The Nativity — The Manger

Not many nations — even those with a strong Christian base — put an image of the Nativity on their stamps much before the 1970s. As we saw in our Christmas Firsts blog, Hungary first put Nativity imagery on a stamp in 1943. (For argument’s sake, we’re calling the Nativity as depicting the Holy Family — Mary, Joseph, and the Baby Jesus in a manger-like setting.)

The 2016 stamp with a silhouette design was just the third U.S. stamp showing a manger scene.
The 2016 stamp with a silhouette design was just the third U.S. stamp showing a manger scene.

The United States has rarely put an image of a manger scene or Holy Family on a stamp, instead for a religious motif at Christmas opting for master artworks of the Madonna and Child, along with the occasional angel. The first full Madonna and Child stamp was in 1966, followed quickly by a second in 1967. Two more were issued in 1973 and 1975, and in 1978, the Postal Service started a run of 22 consecutive years showing a Madonna and Child master artwork. No Christmas stamps were issued in 2000, and although it’s been more sporadic, the Madonna and Child imagery has appeared on 10 more stamps.

In 1970, the religious U.S. stamp showed a manger scene, presenting Nativity (1523), by Lorenzo Lotto, and in 1971, the stamp showed a detail from Adoration of the Shepherds (c. 1505) by Giorgione, followed in 1976 by Nativity (c. 1777), by John Singleton Copley. Not until this year, did another manger/Nativity scene show up on a U.S. Christmas stamp. Interestingly, this year also saw a new Madonna and Child stamp.

It’s interesting to see how other nations present the Madonna and Child, some in traditional forms, sometimes in modernized images, and some depicting the Holy Family in that country’s traditional stylings.

Christmas Stamps by Children in Great Britain

Children, of course, are synonymous with Christmas. Great Britain has embraced the holiday joy of youth by sponsoring stamp-design contests resulting in three seasons of Christmas stamps — which are considered “special” stamps by Royal Mail — designed by young people.

4-great-britain-4794-great-britain-478The first contest was held in 1966 resulted in two stamps created by artwork from two 6-year-olds. Eight professional designers judged the 5,000 entries and awarded the honors to Tasveer Shemza and James Berry. Shemza’s design features King Wenceslas, while Berry’s shows a snowman. Nine-year-old Ann Belshaw’s design of Santa Claus on a rooftop by a chimney was used on an official cachet.

4-great-britain-960In 1981, Royal Mail sponsored a second contest, which resulted in five stamps, four of a religious nature and one showing a picture of Santa Claus. A stamp designed by Samantha Brown, 5, shows Santa with a rather charming smile. The contest was sponsored by the BBC and drew 74,000 entries. Artwork for the other stamps was created by Tracy Jenkins, Lucinda Blackmore, Stephen Moore, and Sophie Sharp.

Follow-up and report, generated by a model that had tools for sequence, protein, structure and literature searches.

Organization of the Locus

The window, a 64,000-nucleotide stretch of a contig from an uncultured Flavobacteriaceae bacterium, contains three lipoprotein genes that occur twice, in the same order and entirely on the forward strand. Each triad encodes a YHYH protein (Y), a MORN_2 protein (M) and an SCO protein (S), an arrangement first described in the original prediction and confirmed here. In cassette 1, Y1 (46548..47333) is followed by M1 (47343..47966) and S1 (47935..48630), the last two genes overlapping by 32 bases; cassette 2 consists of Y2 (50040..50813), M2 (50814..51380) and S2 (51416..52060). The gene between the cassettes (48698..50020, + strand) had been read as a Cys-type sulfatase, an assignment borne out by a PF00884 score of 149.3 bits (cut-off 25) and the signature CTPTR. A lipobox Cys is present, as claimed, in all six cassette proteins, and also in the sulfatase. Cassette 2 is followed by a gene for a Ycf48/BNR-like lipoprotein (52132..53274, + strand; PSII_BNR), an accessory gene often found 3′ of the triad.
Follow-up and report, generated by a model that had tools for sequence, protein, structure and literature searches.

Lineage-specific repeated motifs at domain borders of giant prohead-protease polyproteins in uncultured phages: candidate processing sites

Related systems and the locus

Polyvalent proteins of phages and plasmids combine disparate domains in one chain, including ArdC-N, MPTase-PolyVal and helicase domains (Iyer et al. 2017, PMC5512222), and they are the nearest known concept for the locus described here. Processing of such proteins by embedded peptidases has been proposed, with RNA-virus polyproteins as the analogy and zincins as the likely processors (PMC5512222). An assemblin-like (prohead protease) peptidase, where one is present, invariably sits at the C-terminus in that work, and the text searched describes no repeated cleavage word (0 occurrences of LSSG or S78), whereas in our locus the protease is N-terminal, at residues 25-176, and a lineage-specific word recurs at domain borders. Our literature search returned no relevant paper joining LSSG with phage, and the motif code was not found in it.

4-molly-2013The third children’s stamp-design competition led to two Christmas stamps in 2013. This time, 239,374 schoolchildren between the ages of 4 and 11 responded visually to the question “What does Christmas mean to you?” The two national winners, whose designs are on first- and second-class stamps, were selected by a panel led by Prince Charles, the Prince of Wales, and that included Shemza, one of the winners of the 1966 contest.

The 2013 winners were Father Christmas, designed by Molly Robson, 7, and Singing Angels, by Rosie Hargreaves, 10.

At the time of the contest, news reports quoted Prince Charles as stating: “I am delighted to be helping judge this wonderful competition which gives children from across the United Kingdom the amazing opportunity to share their creativity and have their designs on this year’s Christmas stamps.

The children’s names appear on all the stamps, though the 1966 stamps include just their last names and first initial. The winning designs for all the contests needed the approval the prince’s mum, the queen.

National Postal Museum Opens “From Royal Mail to Public Post” Exhibition

[NPM October 21 Press Release]

National Postal Museum Opens
“From Royal Mail to Public Post” Exhibition

Observing the 500th Anniversary of the United Kingdom’s Royal Mail

“From Royal Mail to Public Post” opened today, Oct. 21, at the Smithsonian’s National Postal Museum. The exhibition, open through Jan. 16, 2017, chronicles postal reform in the United Kingdom.

The United Kingdom’s postal service, Royal Mail, observes its 500th anniversary in 2016. To mark the occasion, the National Postal Museum is presenting a temporary display of original documents from 1635 and 1840, pivotal years in the expansion and evolution of the country’s postal network. The exhibition includes the earliest known example of the world’s first stamp, the Penny Black, dated April 10, 1840, from the archives of leading British postal reformer Robert Wallace. These important documents chronicling postal reform in the United Kingdom are on loan from the private collection of British businessman and philatelist Alan Holyoake.

First Proof of Penny Postage Stamp Cover. Presented to Mr. [Robert] Wallace by the Right Honourable the Chancellor of the Exchequer, Francis Thornhill Baring, April 10, 1840. Loan from Alan Holyoake. Photo courtesy National Postal Museum.
First Proof of Penny Postage Stamp Cover. Presented to Mr. [Robert] Wallace by the Right Honourable the Chancellor of the Exchequer, Francis Thornhill Baring, April 10, 1840. Loan from Alan Holyoake. Photo courtesy National Postal Museum.
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